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J Gravit Physiol. 2002 Jul;9(1):P33-4.

Cerebral lateralization for motor tasks in simulated microgravity a transcranial Doppler technique for astronauts.

Author information

1
Non-invsive Neurocybernetic Flow Laboratory, International Institutes of Advanced Research and Training, Chidicon Medical Center. Owerri, Imo State, Nigeria. chidicon@yahoo.com

Abstract

In Space, central cognitive operations are unaffected but humans are slower in perceptual-motor performance. Transcranial Doppler ultrasonography was used to monitor blood flow velocity in both middle cerebral arteries during unilateral and bilateral fingers' movements before, during and after -6 degrees 24 hours of head-down tilt (HDT) in 14 (8 males and 6 females) subjects. Physiologic hemisphere dominance was assessed by breath-holding test. There was a significant main effect of motor task, F(4, 328) = 16.05, p<0.00000001, MSe = 48.2. There was a gender vs head-position interaction F(3,246) = 4.90 p<0.002) MSe = 120. At pre-HDT females were right lateralized and males were left lateralized. A left shift in lateralization pattern was seen during 24hrs-HDT for both genders. There was a significant main effect of breath-holding test and a breath-holding test vs head position vs motor task interaction. HDT alters cerebral lateralization for motor control and this may be responsible for slowing in perceptual-motor performance in Space. TCD monitoring may be required for motor performance tasks in Space.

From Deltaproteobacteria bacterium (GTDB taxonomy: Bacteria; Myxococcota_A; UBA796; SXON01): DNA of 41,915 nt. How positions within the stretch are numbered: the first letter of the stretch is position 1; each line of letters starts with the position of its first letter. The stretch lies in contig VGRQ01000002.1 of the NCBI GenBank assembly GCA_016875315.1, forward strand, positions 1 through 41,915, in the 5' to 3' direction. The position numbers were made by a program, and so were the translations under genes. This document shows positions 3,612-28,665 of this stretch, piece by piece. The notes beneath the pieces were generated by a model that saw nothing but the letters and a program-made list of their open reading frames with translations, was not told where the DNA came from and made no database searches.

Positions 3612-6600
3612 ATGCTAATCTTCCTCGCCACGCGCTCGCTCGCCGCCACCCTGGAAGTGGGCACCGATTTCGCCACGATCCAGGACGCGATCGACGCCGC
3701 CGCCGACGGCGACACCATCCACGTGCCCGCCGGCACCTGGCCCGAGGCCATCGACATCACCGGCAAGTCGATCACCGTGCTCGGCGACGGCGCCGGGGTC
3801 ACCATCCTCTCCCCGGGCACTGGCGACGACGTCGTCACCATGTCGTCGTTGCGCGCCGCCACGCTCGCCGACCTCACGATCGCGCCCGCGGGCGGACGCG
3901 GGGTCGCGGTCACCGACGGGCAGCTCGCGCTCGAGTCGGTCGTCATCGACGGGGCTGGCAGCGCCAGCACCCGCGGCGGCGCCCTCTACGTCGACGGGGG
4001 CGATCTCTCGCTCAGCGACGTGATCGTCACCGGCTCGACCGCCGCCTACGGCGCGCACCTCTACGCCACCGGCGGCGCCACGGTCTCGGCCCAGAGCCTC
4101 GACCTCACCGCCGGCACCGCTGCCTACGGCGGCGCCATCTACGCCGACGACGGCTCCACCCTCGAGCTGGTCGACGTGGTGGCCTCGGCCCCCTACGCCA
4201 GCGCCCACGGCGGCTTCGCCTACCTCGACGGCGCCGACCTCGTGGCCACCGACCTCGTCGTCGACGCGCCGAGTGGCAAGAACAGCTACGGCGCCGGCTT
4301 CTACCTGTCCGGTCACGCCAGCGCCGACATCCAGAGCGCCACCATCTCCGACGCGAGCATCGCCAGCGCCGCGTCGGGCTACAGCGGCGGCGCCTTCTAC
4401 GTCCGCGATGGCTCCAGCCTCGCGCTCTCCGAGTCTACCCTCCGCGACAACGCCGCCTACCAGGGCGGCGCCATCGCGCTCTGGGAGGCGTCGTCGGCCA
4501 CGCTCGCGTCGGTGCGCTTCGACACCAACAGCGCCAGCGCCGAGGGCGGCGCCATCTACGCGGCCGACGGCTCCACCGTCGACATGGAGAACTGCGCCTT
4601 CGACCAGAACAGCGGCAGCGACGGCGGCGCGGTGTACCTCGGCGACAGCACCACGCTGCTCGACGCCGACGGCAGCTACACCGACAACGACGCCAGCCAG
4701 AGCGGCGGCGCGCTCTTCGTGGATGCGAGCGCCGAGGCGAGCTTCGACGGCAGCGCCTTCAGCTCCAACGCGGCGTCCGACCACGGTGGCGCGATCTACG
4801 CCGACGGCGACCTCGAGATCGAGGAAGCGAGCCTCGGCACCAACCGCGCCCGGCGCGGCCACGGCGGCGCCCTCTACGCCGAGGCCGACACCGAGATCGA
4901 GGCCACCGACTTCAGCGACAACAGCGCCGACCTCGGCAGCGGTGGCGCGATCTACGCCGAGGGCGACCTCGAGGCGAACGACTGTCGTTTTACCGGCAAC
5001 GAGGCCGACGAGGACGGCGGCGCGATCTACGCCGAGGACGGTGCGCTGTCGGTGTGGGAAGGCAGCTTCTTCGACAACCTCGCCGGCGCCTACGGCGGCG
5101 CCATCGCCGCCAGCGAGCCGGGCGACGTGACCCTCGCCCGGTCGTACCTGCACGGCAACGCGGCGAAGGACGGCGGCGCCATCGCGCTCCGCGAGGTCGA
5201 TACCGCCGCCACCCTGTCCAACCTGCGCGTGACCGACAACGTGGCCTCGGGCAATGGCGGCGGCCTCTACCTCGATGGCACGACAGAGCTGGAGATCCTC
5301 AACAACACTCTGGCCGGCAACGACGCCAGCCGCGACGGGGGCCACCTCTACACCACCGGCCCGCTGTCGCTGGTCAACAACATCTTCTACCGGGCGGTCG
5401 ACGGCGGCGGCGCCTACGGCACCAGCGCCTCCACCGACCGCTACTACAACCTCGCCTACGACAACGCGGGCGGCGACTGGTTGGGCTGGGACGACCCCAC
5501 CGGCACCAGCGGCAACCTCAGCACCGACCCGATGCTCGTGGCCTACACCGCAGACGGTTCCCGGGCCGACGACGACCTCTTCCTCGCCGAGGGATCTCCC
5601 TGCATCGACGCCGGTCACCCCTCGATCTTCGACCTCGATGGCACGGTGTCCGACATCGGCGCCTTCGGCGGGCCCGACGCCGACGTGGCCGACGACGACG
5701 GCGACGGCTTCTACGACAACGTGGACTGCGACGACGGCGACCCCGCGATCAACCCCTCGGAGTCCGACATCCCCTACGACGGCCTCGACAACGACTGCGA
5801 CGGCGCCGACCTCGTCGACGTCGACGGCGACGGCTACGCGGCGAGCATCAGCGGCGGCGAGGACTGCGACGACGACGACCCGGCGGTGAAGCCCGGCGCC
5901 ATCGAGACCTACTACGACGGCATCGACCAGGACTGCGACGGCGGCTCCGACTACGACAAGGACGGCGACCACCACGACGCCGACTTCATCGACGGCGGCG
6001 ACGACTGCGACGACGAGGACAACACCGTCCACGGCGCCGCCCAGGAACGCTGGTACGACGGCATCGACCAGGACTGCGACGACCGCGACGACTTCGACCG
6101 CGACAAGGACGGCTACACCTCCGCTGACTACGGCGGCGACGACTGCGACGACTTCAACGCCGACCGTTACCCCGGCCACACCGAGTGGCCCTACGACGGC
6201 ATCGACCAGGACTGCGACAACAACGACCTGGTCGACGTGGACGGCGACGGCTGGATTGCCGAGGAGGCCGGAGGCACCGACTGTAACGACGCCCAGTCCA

PMID:
14703674

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